More work, but for some it’s worth the effort
The Kuhns family’s motivation for growing white corn stems from making more on every acre. "It’s the highest-value crop," says J.D. Kuhns. The Arthur, Ill., family pockets an extra 40¢ to 85¢ per bushel in premiums, but some years it has reached $1 per bushel when compared to local cash bids.
It’s also extra work—and with corn prices high, there is less incen-tive for producers to go through the extra effort. White corn has to be stored separately from No. 2 yellow corn, and it takes a higher level of management and planning to work with than yellow corn.
Many farmers who try growing white corn don’t stick with it, so Kuhns isn’t overly concerned that the market is going to be flooded with farmer interest, which could reduce the premium.
The white corn market, while small, is growing, though, primarily due to the corn chip market. Growth is occurring in Iowa, Nebraska, Illinois, Indiana and pockets of Texas and California. In Kuhns’ area, the number of farmers growing white corn is increasing; within a 10-mile radius, a half dozen farmers are growing it. "Buyers are always looking for more," he adds. As a result, Kuhns is looking to add more acres.
|Growing white corn requires extra work, but J.D. Kuhns and his family, of Arthur, Ill., receive 40¢ to 85¢ per bushel premiums.
Perseverance Pays. Kuhns started experimenting with white corn in 2003, converting 80 acres for two years. "It did OK, but we didn’t get the yields we wanted." After switching to a different seed company, he reached yields as good as or better than triple-stack hybrids for yellow corn. This year, Kuhns grew 700 to 750 acres of white corn.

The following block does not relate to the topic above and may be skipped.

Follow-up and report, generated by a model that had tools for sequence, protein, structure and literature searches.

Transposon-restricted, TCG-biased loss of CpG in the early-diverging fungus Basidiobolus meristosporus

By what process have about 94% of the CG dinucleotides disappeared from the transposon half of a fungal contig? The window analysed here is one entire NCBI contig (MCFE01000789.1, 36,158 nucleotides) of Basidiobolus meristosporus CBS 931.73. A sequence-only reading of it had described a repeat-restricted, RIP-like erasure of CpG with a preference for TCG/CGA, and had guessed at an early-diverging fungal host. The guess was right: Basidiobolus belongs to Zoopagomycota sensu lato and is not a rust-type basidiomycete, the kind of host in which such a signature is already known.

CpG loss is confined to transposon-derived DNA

Kuhns ships to a Frito Lay plant 45 miles away in Sidney, Ill.; to Archer Daniels Midland; and to Clarkson Grain in Cerro Gordo, Ill. Most growers are within 10 miles of white corn processing plants. All of the family’s white corn is contracted, based off futures prices. There is no basis, however.
Management Techniques. Fields of white corn have to be managed so that planting, scouting, spraying and harvest don’t conflict with yellow corn production.
"We have to spoon-feed more with nitrogen and do more scouting," Kuhns says. "I also have to sidedress, make multiple passes of fungicides at different stages and watch it more." He does not need different equipment, however.
In addition, buyers are liable to call and need 30,000 bu. delivered as soon as possible.
"There is give and take. You have to be flexible and willing to bend over backward," Kuhns says.
Offsetting its overall profitability, in some years he has had more problems with white corn than with yellow corn. In 2009, for instance, he had to wait for fields to dry out after the cool and wet weather, causing everything to be planted late.
"Our philosophy with rental costs and everything else going through the roof is that instead of growing more bushels on more acres, it makes more sense to increase dollars per acre," Kuhns says.
"But you’re not getting $75 to $100 per acre for nothing. You have to work for it."